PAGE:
In two decisions released on November 25, 2016, the Supreme Court of Canada (SCC) affirmed the fundamental importance of litigation privilege and solicitor-client privilege. In Lizotte v. Aviva Insurance Company of Canada (Lizotte), the SCC dealt with issues relating to the breadth of litigation privilege and confirmed that it exists as a stand-alone privilege under Quebec law, while in Alberta (Information and Privacy Commissioner) v. University of Calgary (Alberta), the SCC dealt with issues relating to the sanctity of solicitor-client privilege. In each case, the SCC emphasized that such privileges may be abrogated only by statute where there is clear, explicit and unequivocal language indicating that abrogation of the privilege was the legislative intent.
In the course of an inquiry into an insurance claims adjudicator, the assistant syndic of the Chambre de l’assurance de dommages (Chambre), the Quebec self-regulatory body that oversees the conduct of insurers, asked Aviva Insurance Company (Aviva) to produce a complete copy of the claim file with respect to an insured. This request was made pursuant to section 337 of the Act respecting the distribution of financial products and services (ADFPS), which creates an obligation for the insurer to produce any document concerning the activities of a representative whose professional conduct is being investigated by the Chambre. Aviva refused to produce certain documents on the basis of litigation privilege, given ongoing litigation involving the insured. The Chambre syndic brought a motion to obtain the documents on the basis that the production obligation set out in section 337 overrides litigation privilege. Before the motion was heard, the litigation between the insured and Aviva settled, and Aviva produced the documents. However, the syndic proceeded with its motion, and the Superior Court found this was a “genuine problem” worth deciding.
Both the Québec Superior Court and Court of Appeal ruled in Aviva’s favour, finding that litigation privilege cannot be abrogated absent an express provision.
The SCC agreed. Importantly, Justice C. Gascon for the SCC clarified that the differences between solicitor-client and litigation privilege identified in Blank v. Canada (Minister of Justice) have been adopted in Quebec law, and litigation privilege is not merely a subcategory of civil law professional secrecy but a stand-alone privilege. Justice Gascon went on to make three important comments about litigation privilege:
- Litigation privilege is a class privilege. As a class privilege, once the conditions for its application are met (namely, once a document has been created for the dominant purpose of litigation and the litigation in question is pending or may reasonably be apprehended), there is a presumption of non-disclosure.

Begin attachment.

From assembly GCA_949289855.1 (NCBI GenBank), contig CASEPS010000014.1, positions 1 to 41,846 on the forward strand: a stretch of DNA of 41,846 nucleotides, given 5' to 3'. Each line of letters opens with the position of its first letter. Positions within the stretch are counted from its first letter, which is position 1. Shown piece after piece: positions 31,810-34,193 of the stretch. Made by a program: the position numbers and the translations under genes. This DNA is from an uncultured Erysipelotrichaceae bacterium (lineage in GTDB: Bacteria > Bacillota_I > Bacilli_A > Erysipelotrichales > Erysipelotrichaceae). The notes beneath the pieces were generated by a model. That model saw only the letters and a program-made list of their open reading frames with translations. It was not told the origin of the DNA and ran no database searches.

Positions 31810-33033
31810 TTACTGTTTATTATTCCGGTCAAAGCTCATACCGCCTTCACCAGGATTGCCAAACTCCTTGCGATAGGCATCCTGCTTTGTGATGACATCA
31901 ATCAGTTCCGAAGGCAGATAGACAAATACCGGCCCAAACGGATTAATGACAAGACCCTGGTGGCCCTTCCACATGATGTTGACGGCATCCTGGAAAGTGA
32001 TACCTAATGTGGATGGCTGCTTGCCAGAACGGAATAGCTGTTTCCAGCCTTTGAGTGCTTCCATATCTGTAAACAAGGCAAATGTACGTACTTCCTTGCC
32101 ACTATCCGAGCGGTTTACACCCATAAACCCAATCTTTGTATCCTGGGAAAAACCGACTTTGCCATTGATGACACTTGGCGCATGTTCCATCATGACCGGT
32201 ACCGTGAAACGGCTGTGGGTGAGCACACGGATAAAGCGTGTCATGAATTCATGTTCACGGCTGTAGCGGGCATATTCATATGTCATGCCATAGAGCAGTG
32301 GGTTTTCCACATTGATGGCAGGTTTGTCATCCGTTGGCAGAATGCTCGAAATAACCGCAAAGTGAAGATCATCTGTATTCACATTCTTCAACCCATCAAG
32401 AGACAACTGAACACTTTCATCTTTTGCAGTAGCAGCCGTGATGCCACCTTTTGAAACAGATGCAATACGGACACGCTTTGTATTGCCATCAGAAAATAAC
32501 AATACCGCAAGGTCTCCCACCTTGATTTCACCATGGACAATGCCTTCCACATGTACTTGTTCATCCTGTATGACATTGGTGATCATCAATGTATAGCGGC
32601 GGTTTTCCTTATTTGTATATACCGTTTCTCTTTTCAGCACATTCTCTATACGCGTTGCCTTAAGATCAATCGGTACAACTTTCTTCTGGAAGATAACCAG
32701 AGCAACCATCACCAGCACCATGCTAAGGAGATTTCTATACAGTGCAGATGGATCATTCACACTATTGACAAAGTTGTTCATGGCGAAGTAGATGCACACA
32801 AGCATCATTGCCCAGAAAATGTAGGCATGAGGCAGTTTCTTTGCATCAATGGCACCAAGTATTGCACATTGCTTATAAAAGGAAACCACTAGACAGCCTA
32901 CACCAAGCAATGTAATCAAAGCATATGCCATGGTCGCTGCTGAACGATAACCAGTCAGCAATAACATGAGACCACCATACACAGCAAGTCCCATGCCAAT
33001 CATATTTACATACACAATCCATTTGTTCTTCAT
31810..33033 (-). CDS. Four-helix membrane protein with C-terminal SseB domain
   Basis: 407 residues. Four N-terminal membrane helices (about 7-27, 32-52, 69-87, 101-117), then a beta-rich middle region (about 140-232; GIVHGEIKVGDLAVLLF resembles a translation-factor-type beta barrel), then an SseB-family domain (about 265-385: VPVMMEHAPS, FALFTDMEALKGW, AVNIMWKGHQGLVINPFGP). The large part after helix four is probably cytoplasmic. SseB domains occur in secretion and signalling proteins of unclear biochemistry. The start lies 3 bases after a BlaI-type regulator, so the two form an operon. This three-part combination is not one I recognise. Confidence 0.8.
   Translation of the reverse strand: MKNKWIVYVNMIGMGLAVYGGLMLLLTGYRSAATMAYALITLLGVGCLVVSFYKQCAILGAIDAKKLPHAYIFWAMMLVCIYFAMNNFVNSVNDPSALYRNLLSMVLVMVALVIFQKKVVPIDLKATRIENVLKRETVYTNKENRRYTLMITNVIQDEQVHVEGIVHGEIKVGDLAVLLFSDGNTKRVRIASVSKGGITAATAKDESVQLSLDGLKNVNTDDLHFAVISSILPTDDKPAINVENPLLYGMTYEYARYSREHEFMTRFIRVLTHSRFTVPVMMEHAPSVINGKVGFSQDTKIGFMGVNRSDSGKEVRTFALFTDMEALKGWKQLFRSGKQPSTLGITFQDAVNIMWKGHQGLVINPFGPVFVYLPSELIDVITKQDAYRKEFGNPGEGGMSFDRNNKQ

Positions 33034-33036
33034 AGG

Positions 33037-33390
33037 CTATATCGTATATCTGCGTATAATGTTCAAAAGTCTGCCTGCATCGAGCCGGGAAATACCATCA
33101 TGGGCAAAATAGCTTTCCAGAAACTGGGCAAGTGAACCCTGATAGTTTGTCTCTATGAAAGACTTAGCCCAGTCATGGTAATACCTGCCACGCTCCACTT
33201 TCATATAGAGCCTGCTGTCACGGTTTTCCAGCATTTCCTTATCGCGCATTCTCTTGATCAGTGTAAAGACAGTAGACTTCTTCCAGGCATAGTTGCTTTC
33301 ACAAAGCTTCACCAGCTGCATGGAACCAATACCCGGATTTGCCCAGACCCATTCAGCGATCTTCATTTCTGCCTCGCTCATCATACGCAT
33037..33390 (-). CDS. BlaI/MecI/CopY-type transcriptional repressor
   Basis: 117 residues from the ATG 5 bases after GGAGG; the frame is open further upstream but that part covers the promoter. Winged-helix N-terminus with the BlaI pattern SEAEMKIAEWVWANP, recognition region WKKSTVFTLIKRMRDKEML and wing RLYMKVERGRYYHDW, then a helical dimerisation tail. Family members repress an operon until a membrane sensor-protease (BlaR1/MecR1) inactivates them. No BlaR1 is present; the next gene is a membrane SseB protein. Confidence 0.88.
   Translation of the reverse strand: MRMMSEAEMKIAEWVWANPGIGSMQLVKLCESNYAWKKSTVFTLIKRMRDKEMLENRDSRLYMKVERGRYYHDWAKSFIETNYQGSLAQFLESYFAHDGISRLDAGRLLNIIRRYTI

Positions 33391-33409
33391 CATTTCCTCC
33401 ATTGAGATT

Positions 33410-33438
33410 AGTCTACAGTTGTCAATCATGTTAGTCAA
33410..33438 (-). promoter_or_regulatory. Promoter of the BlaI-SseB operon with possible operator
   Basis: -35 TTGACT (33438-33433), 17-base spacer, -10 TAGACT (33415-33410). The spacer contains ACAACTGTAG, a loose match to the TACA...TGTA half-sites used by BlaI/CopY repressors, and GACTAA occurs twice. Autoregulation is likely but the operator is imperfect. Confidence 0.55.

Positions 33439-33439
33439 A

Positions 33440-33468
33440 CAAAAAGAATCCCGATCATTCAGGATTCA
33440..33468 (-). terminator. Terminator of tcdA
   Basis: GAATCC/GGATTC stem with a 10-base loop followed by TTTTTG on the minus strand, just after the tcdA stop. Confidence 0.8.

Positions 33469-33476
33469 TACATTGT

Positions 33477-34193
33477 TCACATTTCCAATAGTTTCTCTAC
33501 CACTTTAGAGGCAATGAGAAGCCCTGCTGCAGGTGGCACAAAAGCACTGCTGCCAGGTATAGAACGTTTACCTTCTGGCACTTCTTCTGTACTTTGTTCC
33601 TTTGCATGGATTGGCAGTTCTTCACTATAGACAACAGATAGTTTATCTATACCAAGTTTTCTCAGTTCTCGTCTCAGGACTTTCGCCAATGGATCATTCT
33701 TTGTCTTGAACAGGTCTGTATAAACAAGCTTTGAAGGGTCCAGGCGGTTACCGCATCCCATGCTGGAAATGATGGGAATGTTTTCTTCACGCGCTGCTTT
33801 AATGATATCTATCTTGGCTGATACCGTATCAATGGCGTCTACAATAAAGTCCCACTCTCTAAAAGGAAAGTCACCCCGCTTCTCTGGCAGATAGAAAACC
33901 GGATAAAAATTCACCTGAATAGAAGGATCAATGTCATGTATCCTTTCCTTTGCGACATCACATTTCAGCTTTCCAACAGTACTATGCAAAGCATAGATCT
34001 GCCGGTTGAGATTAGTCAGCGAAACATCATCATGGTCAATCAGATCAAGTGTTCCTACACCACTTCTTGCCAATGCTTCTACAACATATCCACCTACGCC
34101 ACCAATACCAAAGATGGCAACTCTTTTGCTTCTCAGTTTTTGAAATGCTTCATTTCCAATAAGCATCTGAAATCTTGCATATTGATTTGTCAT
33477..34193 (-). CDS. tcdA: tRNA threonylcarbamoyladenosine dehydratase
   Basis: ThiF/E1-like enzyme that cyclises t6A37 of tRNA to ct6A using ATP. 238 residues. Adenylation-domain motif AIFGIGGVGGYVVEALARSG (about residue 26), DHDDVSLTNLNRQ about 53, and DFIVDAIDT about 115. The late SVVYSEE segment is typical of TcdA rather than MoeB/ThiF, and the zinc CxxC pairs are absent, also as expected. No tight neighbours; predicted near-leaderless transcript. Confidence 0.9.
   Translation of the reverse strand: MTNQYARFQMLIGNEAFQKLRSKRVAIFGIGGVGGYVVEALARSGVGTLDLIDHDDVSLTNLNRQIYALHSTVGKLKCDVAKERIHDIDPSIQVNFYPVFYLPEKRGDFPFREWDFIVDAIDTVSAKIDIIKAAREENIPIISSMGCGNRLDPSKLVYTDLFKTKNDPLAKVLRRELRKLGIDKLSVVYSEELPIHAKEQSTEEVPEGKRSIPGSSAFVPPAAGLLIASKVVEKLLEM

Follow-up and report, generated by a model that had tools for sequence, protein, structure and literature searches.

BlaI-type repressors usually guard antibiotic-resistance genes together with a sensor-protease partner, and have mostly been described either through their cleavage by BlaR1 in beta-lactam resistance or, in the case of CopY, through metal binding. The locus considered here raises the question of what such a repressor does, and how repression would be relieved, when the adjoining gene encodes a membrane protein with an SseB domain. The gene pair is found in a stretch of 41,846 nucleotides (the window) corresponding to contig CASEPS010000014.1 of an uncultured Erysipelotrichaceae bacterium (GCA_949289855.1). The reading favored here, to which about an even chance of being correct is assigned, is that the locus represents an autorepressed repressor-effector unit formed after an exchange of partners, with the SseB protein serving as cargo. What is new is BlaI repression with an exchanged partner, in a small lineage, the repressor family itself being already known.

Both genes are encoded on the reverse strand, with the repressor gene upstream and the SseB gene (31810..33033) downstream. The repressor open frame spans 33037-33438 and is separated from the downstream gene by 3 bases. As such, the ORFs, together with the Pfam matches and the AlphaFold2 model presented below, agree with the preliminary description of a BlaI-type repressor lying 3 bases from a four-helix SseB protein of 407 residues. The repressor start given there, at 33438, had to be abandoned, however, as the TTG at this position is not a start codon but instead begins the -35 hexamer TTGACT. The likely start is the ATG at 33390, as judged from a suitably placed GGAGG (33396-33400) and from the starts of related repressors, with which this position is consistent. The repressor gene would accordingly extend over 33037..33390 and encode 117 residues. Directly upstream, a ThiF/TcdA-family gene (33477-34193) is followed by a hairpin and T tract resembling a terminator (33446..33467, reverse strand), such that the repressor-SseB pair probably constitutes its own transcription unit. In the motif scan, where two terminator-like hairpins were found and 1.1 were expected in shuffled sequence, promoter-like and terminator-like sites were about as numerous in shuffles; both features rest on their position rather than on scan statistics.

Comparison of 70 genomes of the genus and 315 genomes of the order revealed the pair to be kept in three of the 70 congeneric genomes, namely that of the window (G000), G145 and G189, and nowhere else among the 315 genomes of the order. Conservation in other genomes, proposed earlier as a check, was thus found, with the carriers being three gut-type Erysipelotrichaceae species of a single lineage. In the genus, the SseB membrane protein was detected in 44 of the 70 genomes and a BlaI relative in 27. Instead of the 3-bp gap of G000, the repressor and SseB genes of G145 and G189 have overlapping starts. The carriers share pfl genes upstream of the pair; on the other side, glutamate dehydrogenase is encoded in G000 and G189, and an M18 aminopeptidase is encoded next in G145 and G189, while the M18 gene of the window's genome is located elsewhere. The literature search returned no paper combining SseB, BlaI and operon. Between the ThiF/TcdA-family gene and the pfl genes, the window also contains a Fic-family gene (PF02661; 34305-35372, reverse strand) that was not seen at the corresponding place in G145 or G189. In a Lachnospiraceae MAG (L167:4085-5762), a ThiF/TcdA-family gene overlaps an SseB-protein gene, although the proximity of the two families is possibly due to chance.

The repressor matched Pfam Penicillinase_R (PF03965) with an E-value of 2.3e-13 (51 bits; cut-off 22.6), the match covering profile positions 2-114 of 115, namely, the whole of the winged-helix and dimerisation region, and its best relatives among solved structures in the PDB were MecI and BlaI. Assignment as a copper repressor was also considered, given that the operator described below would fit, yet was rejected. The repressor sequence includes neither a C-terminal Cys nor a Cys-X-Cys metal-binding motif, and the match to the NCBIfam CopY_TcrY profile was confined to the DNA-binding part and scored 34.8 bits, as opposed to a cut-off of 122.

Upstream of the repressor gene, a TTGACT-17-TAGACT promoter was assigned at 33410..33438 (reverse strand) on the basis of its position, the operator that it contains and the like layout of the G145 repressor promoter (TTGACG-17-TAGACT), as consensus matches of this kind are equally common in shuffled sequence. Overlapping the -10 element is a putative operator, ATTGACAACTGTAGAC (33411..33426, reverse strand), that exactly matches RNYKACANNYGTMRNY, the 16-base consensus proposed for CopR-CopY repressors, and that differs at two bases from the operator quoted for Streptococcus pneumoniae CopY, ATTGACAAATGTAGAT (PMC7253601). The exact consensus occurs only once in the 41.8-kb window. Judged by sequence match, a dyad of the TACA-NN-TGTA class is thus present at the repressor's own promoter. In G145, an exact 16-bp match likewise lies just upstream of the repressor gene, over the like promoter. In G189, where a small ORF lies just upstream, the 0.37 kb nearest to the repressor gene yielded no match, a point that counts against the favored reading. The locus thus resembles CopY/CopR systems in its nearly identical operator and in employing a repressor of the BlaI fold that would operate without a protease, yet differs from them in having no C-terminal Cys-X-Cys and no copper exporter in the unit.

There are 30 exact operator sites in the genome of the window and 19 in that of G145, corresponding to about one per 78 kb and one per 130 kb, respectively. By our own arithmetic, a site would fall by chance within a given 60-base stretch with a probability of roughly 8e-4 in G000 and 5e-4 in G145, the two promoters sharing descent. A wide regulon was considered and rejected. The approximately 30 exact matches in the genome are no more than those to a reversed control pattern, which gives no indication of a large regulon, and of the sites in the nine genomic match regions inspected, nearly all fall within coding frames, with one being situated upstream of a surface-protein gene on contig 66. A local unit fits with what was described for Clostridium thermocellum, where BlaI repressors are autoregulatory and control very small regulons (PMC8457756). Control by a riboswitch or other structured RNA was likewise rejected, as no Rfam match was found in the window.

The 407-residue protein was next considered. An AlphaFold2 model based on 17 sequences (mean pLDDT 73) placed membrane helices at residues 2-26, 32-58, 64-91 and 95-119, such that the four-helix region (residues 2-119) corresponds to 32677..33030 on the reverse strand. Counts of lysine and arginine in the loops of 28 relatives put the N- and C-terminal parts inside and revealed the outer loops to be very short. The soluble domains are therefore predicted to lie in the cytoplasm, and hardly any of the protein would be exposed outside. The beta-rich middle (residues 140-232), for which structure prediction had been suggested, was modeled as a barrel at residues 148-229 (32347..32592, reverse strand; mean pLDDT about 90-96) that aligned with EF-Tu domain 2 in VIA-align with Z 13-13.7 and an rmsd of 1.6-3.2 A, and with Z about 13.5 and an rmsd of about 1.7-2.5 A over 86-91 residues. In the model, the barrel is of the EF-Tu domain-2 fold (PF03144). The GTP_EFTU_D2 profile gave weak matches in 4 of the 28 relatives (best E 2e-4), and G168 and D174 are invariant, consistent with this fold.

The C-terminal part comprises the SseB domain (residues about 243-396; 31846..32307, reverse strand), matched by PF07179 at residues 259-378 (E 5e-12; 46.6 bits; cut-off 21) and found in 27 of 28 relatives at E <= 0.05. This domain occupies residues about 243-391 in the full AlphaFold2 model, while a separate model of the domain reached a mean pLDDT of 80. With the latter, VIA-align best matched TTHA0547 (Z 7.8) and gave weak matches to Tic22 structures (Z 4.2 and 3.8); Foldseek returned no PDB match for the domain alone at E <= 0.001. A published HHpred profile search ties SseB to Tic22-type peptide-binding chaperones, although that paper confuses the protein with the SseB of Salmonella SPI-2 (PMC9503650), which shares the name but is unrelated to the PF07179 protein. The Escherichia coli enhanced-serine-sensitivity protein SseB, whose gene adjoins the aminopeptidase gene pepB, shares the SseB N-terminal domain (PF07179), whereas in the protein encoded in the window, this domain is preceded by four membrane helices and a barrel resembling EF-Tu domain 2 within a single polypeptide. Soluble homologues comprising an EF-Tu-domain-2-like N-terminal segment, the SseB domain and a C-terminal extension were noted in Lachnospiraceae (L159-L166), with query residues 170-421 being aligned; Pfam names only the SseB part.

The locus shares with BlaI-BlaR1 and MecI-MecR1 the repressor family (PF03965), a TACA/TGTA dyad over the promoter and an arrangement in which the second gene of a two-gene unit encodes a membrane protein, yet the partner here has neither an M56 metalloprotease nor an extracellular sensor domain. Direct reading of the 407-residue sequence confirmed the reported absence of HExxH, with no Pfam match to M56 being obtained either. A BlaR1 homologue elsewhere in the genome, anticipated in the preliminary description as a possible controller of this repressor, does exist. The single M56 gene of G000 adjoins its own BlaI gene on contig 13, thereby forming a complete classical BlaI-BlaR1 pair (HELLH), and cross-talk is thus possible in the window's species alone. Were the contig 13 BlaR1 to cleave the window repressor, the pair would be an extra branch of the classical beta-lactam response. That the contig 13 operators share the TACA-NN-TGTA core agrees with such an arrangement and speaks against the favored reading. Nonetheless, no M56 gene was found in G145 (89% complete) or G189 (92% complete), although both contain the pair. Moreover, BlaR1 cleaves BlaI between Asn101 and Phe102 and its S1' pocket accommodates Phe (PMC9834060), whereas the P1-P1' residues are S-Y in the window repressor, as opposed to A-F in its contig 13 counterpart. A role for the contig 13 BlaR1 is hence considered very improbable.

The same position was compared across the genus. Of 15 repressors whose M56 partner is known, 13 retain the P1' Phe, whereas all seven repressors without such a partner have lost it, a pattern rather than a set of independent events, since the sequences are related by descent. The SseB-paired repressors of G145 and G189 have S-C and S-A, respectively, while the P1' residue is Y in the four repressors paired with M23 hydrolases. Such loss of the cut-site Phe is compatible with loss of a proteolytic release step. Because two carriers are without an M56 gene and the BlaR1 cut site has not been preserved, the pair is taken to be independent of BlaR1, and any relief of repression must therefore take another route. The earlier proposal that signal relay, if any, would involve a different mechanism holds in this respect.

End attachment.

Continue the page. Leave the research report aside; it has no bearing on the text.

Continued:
- Although litigation privilege is subject to the same clearly defined exceptions as solicitor-client privilege, it is not subject to a case-by-case balancing test. The exercise of balancing competing interests is associated with case-by-case privileges, not class privileges. The SCC refused to define any new exceptions to litigation privilege in this case as it was not warranted on the facts.
- Litigation privilege can be asserted not just against parties to the litigation, but also as against third parties, including third-party investigators who have a duty of confidentiality. In arriving at this conclusion, Justice Gascon explained that the open court principle would apply to proceedings initiated by the syndic and that it is far from certain that privileged documents would remain protected in that context. Therefore, a duty of confidentiality on the part of the investigator does not sufficiently protect privileged documents. More generally, the SCC recognized a possible chilling effect if a party’s work could be used by the syndic to prepare for litigation, as this could discourage that party from committing preparatory work to writing.
In light of the above and the important purpose of litigation privilege, to ensure the efficacy of the adversarial process, Justice Gascon concluded that the legislature may abrogate litigation privilege by statute only with “clear, explicit and unequivocal language.” A statute simply requiring the production of any document is insufficient.